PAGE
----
Crews recovered several hundred fish including 318 cutthroats from Reay Creek over two days after a suspected bleach leak. (Ian Bruce/Submitted)

Crews recovered several hundred fish including 318 cutthroats from Reay Creek over two days after a suspected bleach leak. (Ian Bruce/Submitted)

Several hundred fish dead in Vancouver Island creek after suspected bleach leak

Ian Bruce of Peninsula Streams Society calls for speedy, proper investigation

A local expert calls for a speedy and proper investigation after what is believed to bleach leaked into Sidney’s Reay Creek, killing hundreds of fish.

“Investigations by the proper authorities need to be undertaken to find the leak’s source,” said Ian Bruce, executive coordinator of the Peninsula Streams Society, on Sunday morning.

He made these comment two days after a five-year-old child found the first of several hundred dead fish in the creek Friday morning. The child then alerted his parents, who subsequently reached out to the Town of Sidney, which asked Bruce to investigate.

Bruce said the bleach had entered the creek through a stormwater drain via a perimeter drain.

“Somebody was using a lot of bleach to clean something for some reason and then maybe just dumped it out on the yard. They may not have known that it would go that quickly to the perimeter drain and that quickly to the creek. They weren’t aware or they didn’t care, one of the two.”

The effects were devastating. Crews recovered 318 dead cutthroat trout, six cohos, 13 sculpins and 11 sticklebacks from the creek, said Bruce, adding that the spill also affected smaller animals of various sorts.

“It basically killed everything in its path for about 150 metres,” he said.

RELATED: Sidney asks for input on future of Reay Creek Park

Bruce praised the response of the municipality to the incident after the initial discovery. “Sidney did a really good job,” he said. “They brought staff in to help pick up the dead fish.”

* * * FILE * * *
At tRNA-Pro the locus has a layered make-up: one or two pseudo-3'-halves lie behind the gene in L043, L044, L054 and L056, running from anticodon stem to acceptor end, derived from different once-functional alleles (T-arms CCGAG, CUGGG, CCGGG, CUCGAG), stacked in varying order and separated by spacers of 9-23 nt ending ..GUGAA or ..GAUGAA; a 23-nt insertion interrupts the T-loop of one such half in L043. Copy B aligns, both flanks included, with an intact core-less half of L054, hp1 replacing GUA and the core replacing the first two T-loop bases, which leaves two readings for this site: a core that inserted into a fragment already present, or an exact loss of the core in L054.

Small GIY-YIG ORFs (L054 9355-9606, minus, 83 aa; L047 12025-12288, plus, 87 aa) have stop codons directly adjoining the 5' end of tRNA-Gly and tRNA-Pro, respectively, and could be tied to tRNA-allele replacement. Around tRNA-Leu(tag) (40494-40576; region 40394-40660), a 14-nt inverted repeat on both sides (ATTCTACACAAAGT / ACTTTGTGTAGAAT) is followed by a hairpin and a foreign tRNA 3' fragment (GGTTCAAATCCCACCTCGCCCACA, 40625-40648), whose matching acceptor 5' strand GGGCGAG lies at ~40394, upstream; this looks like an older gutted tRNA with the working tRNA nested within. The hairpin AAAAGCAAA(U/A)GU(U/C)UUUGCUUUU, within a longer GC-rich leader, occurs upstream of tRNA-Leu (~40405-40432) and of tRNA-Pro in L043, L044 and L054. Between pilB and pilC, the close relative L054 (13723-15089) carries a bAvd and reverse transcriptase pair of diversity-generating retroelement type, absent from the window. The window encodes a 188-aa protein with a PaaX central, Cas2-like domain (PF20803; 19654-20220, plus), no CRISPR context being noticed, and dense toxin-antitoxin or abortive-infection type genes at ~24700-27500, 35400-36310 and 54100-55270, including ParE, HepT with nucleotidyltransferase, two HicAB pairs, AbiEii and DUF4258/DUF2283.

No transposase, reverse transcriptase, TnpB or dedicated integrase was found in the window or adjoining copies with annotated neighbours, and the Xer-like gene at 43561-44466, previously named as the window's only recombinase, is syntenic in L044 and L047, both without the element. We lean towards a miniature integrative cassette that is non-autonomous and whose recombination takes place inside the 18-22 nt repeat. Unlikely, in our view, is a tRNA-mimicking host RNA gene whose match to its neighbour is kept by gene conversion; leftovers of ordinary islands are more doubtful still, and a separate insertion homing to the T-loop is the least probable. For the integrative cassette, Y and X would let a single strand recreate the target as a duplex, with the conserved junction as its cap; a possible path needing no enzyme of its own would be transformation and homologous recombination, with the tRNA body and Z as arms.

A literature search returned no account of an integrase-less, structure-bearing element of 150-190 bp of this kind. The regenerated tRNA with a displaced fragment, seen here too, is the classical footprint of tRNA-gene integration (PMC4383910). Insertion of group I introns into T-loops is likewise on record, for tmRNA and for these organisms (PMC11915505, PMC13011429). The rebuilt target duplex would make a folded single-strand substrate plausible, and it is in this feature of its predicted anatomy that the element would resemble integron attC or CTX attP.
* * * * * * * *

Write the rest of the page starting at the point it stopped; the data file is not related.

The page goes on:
This leak and its consequences draw attention to the potential effects of handling and disposing of harmful chemicals and other material. “(People) have to be very, very careful with things that can harm fish,” he said.

This incident has occurred against the backdrop of on-going efforts by the municipality as well as other parties including to Peninsula Streams Society to help restore the natural environment of Reay Creek and its watershed.

The area has been the site of significant investment by the municipality in recent years, including the recent remediation of the Reay Creek dam.

Transport Canada’s has also been remediating the pond created by the dam after the federal government took full responsibility for contaminating the area through its activities on the nearby Victoria International Airport.

Last month, students attending KELSET Elementary School in North Saanich released juvenile salmon into the creek.

For more news from Vancouver Island and beyond delivered daily into your inbox, please click here.

RELATED: Saanich Peninsula elementary students help restock, clean up local creeks.


Do you have a story tip? Email: vnc.editorial@blackpress.ca.

Follow us on Twitter and Instagram, and like us on Facebook.

wolfgang.depner@peninsulanewsreview.com

Just Posted

Graeme Roberts, who was mayor of Nanaimo from 1984-86, died this month at age 89. (Photo courtesy Nanaimo Community Archives)
City of Nanaimo flags at half-mast as former mayor Graeme Roberts dies at 89

‘Giant-killer’ beat out Frank Ney in mayoral election in 1984

Curl B.C. chairperson Teri Palynchuk is this year’s winner of the Janette Robbins Award for leadership. Palynchuk is pictured here with the Curling Canada Foundation Cup along with past chairperson Peter Muir, left, and Curl B.C. CEO Scott Braley. (Photo courtesy Curl B.C.)